3 MAHON O'BRIEN 3 * In the opening paragraph Heidegger peddles some of what was to become his mature philosophical parlance insisting that his project is one of finding a way/weg that he wishes through language to be unterwegs, that is, on the way, to the matter in question. This way is a path along which thinking proceeds and thinking is guided along this path through language in an extraordinary manner. Why should Heidegger use the word extraordinary when describing what, if we are to concur with Gadamer 4, is the oldest and most endemic of human impulses, namely the desire to question after things, to satisfy our curiosity, in short the inception of the philosophical impulse which casts doubt on or at the very least interrogates what we ordinarily take to be the case? Perhaps we merely wish to have knowledge concerning something where previously we had none. These explanations in themselves, however, offer us a hint as to what Heidegger is trying to convey through his use of this adjective. In giving ourselves to thinking we do something which is on the one level quite an ordinary activity but at another level subverts much of what we take to be ordinary, it leads us to the extra-ordinary, the extra-mundane. This resultant tension is as old as some of the earliest records we have in the Occident of human cogitation confronting the world in which it found itself the tension involved is acutely evident, treated with a breathtaking degree of philosophical dexterity and available for all to see in both Plato and Aristotle. Consider the specific word employed by Heidegger: ungewohnlich. Ungewohnlich normally translates readily as unusual ; in English as with the German (ungewohnlich) it involves the privation of the usual, of the normal, the un -doing of what we take to be usual. But we can go further here: the root of gewohnlich is wohnlich which means homely, something we are at-home-with and familiar with. The root in turn of wohnlich is the verb wohnen to live, to dwell, where we are at home. Thinking then brings us out of the region where we are at home and even should we remain in this region, thinking suddenly makes it un-homely, what in Sein und Zeit is described as unheimlich. This is a recurring theme/motif in Heidegger s thought; we even find it expressly in a letter to Jaspers which dates from as early as November 19, 1922, number 12 in the Briefwechsel. In this letter Heidegger describes how even world and life are unhomely [unheimlich] for the philosopher. 5 The world and life, the two most immediate, obvious and seemingly self-evident notions at our 4 Hans Georg Gadamer. The Political Incompetence of Philosophy. In The Heidegger Case. Ed. By Tom Rockmore and Joseph Margolis. Temple University Press, Philadelphia, My translation.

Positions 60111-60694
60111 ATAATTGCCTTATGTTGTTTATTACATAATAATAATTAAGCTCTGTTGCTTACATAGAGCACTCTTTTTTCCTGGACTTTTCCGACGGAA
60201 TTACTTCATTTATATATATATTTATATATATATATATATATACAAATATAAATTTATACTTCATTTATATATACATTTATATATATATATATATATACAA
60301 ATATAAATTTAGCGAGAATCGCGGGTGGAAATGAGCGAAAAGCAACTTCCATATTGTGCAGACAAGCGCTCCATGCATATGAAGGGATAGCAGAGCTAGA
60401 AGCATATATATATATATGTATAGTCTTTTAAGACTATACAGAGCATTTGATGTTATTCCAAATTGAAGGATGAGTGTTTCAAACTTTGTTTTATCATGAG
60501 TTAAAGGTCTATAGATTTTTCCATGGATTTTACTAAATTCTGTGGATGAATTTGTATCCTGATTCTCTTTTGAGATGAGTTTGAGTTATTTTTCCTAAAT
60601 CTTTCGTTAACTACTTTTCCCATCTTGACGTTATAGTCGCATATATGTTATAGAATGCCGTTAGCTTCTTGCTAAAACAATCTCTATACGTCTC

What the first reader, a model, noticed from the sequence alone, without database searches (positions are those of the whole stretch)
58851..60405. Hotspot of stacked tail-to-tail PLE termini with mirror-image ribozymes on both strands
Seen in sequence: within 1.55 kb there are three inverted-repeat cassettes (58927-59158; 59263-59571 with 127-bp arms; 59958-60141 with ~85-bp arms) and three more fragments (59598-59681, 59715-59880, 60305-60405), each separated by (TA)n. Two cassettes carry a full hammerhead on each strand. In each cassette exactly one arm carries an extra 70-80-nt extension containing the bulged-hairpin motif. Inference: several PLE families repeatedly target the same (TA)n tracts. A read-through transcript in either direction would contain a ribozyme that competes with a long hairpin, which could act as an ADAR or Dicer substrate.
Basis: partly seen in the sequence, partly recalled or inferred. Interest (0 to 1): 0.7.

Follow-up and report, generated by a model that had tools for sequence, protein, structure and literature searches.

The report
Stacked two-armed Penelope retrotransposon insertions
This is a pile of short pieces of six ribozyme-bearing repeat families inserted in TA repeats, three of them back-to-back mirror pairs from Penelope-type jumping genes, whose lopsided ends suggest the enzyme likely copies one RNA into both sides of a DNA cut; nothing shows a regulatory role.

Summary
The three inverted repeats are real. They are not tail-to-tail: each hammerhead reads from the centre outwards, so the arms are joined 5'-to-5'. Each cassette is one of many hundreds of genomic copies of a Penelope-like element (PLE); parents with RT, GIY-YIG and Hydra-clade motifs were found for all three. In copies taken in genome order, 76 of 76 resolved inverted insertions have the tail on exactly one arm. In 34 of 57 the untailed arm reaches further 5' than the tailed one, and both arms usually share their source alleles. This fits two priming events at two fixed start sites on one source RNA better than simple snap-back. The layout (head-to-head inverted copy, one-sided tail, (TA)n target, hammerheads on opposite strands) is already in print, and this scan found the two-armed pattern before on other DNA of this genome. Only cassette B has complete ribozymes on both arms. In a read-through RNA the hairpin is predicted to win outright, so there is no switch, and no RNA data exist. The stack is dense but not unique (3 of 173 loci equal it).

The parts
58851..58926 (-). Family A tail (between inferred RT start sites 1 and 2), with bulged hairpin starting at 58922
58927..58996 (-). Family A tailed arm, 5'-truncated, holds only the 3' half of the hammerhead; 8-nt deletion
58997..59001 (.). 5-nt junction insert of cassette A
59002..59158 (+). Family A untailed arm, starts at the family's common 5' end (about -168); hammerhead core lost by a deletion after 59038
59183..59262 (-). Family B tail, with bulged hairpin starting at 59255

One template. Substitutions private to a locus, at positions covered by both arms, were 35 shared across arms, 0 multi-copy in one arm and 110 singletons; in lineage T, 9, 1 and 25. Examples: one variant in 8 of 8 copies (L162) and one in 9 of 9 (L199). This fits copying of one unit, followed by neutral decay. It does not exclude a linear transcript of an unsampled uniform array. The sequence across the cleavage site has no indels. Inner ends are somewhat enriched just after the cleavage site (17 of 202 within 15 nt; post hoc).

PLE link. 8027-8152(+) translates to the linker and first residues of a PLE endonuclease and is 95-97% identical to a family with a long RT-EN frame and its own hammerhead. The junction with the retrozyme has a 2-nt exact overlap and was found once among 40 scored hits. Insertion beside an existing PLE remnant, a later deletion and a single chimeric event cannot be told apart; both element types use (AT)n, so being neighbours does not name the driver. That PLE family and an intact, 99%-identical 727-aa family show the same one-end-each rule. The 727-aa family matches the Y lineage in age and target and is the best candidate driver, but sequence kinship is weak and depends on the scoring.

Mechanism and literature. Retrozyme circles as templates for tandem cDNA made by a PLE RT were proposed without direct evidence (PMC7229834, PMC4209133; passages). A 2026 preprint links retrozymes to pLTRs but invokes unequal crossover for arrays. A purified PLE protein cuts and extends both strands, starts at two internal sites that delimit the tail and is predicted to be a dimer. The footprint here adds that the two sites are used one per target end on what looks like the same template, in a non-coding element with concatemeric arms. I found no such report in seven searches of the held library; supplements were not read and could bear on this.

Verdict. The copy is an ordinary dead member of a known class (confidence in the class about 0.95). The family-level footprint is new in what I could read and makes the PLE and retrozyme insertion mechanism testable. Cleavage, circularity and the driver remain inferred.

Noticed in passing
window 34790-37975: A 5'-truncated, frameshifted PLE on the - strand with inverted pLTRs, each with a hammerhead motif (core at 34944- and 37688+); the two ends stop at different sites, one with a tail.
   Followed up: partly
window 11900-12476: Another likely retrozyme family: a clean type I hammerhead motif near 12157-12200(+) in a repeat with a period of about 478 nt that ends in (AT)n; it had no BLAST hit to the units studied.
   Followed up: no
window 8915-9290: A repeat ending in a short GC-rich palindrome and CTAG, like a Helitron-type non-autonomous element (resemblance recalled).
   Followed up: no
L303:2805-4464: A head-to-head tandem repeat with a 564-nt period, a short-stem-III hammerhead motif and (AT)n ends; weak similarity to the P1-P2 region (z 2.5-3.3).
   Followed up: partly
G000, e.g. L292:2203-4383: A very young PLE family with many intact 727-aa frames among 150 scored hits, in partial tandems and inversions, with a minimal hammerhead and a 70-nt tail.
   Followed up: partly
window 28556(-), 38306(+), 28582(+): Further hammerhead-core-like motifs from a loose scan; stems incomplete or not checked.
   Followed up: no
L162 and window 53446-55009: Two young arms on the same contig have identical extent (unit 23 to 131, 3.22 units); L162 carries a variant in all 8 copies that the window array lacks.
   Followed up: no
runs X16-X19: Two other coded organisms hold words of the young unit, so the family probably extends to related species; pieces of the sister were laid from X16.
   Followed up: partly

4 MAHON O'BRIEN 4 disposal as beings who live in a world are somehow strange, uncanny to the philosopher or to the thinker. The thinker is not at home in the life-world. Why, we might ask? Should it not be the task of the philosopher to burk or remove difficulty, to make the seemingly refractory and often numinous nature of existence and its concomitant enigmas more amenable to us? 6 To these questions, Heidegger has repeatedly given the answer no. 7 The challenge, as he sees it, is not to make the world easier to live in and understand we don t need further assimilation and reduction. If anything we find ourselves always and for the most part mere automatons in a convenience culture where everything is laid on for us to such an extent that we are not even aware of the infinitesimal level of networking and organization which keeps the entire system afloat. Rather the challenge is to see through what seems to be given, the laid-on as it were, what we take for granted, and take it up as an issue for investigation. Rather than remaining docile in our homely unquestioning attitudes, Heidegger wants to awaken us into absolute fascination that things are as they are, that they even are at all. If anything, life and existence are far too easy, homely and familiar, 8 which is not to say simple, but they are not an issue for us in important ways except at a subliminal level. Heidegger wants to make these things, at the very least, liminal. Technology is one of the issues which he resolves to question to this end. In questioning concerning technology Heidegger hopes to prepare a free relationship to it. The relationship will be free when it opens our human existence to the essence 6 It is worth reflecting on the etymology of the word amenable in this context. It is generally assumed that the word is derived from Anglo-French, in turn from the middle-french word amener to lead up. This in turn can be traced to old French: a which comes from the Latin ad combined with mener which means to lead. This in turn comes from Late Latin minare to drive from the Latin minari to threaten. We might then say that the showing of the instruments of torture was designed to make a prisoner or accused, such as Galileo for example, more amenable. Precisely what Heidegger would say here is that in thinking that we drive and control these issues(technology especially) we fail to see the true nature of our comportment, our role, how thinking proceeds, how one can properly answer the call of thinking and the kind of resolve involved. Rather than deluding ourselves with the idea that we have bent the subject to our will, and led it or drove it somewhere, we should see that we can only respond appropriately to what it gives us when it opens itself to our reflection. The hubristic tendency of anthropocentric metaphysics is one which Heidegger was already keen to avoid even as early as Being and Time. 7 We even find in Introduction to Metaphysics the claim that philosophy is not a means to anything. One cannot do anything with philosophy. It is, in that sense, use-less. Heidegger insists of course that this is not a failure of philosophy. If one is disillusioned by such an admission, then one was labouring under an illusion that one should be pleased to be disabused of. 8 Anyone familiar with Heidegger s account of authenticity will recognize this approach.